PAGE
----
Mostly retired spend all my time working on or thinking about boats and outboard motors :)
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Follow our project from start to finish

 

Gallery

I needed somewhere to work - the garage was too small for the 26 footer I am building, so a "portable garage" seemed like the answer. Of course each time I got all the tools set-up out on the grass, the clouds would roll in and it would start raining.
Finally some progress :) A few frames temporarily stood up on the building form.

Next, the stem was installed and the keel layed up. Laminating in place, without fasteners which could hamper fairing, requires many, many clamps.
Springing the Chine. The designer noted some "bending and twisting" required to get the chine placed - that was putting the matter rather simply :)

After "plan A" and "B" resulted in nothing motor than a fractured piece of wood (but it is cool to see a 1" thick piece of Douglas Fir "explode") I soaked (normal water) the last 10-12 feet of the 26' long chines for 24 hours. That convinced them to bend where I wanted.
With the keel and chine holding things together, next the sheer was sprung.

Two layers were laminated to get the overall thickness of 1 1/4" and in the forward section a third (inner) layer was added to account for the heavy fairing in the bow.

I also laminated a "floor cleat" which will give a fastening point for the walk-around deck. It's easy to install and fair at this point which will save time trying to tediously fit supports once the hull is flipped and the sides are on.
With the longitudinals in place it was time to start the rough fairing.

Notches were cut in the chine at each frame, then the power plane made quick work of removing the excess wood in between. The stem and the sheer were rough faired with the aid of a fairing batten (3' stick).

After the rough fairing was done the (lines) were sighted by eye in multiple directions. Your eye is quickly drawn to minor dips or humps. Switching to a hand plane at this point lets you fix the minor imperfections.

A bit of final sanding and it's ready for the side panels.
I started by scarfing two 4 x 8 panels together to give me a 16' panel for the forward sides. Although a little tough to move around the panel was temporarily clamped in place on the side.

Lines were scribed on the inside of the panel to pattern it and it was trimmed with about an inch of extra (play) to allow some wiggle room. This panel was used as a pattern for the other side which is a mirror image.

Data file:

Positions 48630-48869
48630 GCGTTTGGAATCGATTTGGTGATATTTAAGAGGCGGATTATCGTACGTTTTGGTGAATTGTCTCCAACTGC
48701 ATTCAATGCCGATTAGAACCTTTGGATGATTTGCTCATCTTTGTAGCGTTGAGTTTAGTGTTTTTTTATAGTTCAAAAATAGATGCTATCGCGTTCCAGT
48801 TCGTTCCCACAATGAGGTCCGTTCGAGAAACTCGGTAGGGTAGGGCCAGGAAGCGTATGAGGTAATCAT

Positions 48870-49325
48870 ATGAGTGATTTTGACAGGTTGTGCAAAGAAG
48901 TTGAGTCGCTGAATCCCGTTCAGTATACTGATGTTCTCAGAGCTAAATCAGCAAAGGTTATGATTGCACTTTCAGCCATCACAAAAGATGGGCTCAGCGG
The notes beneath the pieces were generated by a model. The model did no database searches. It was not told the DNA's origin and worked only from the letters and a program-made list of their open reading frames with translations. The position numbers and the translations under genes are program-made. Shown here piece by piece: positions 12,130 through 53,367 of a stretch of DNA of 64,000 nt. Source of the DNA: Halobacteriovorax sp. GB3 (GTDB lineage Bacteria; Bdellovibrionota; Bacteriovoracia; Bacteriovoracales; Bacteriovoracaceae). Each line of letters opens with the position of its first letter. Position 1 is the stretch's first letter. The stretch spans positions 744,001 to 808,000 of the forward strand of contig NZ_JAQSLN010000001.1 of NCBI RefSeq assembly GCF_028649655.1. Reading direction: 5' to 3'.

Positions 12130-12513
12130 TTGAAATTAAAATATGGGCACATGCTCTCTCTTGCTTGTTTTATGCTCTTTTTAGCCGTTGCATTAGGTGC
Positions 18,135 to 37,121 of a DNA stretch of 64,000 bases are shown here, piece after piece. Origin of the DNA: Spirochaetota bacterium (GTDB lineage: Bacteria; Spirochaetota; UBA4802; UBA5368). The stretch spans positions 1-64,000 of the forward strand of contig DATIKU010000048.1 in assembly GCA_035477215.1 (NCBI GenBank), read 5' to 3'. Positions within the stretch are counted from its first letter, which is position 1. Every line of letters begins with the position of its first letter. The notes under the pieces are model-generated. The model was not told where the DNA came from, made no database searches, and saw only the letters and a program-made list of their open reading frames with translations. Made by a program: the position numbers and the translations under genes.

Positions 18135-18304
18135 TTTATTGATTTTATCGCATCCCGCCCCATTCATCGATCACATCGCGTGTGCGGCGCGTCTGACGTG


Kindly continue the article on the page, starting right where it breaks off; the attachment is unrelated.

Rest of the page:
During the second rough fitting, all the screws were fastened in pre-drilled holes and the panel was checked again for "fit" paying particular attention to the fit on the chine in the bow area where the bottom panels will meet in a butt.

Once happy with the rough fit, I started fairing the panels (at the stem and chine) to get them ready for the glue.
Before I got to the actual construction alot of time was spent reading, studying plans and making patterns. Here's a few shots of the "prep work".
I didn't get as much done as I had planned in 2010 which has now come and gone. June saw rain for 27 straight days and then July got so hot that you sweated if you even thought about moving. The rain returned in August for most of the month which left me with a few weeks in September/October before it got too cold for the epoxy to set up.

In that time I got the sides fastened/glued, the knee put in and started the mahogany strip work which will cover the sides of the boat.
I opted to lay the strips diagonally rather than horizontal for two reasons. First, it was easier to rip the mahogany into five foot lengths and second, without all the butt joints and the hassle of trying to keep all the strips level with the waterline (and the possible spiling that would entail) it will make an astronomically long job, just very long :)

The bottom of the hull will have to wait until spring...
 
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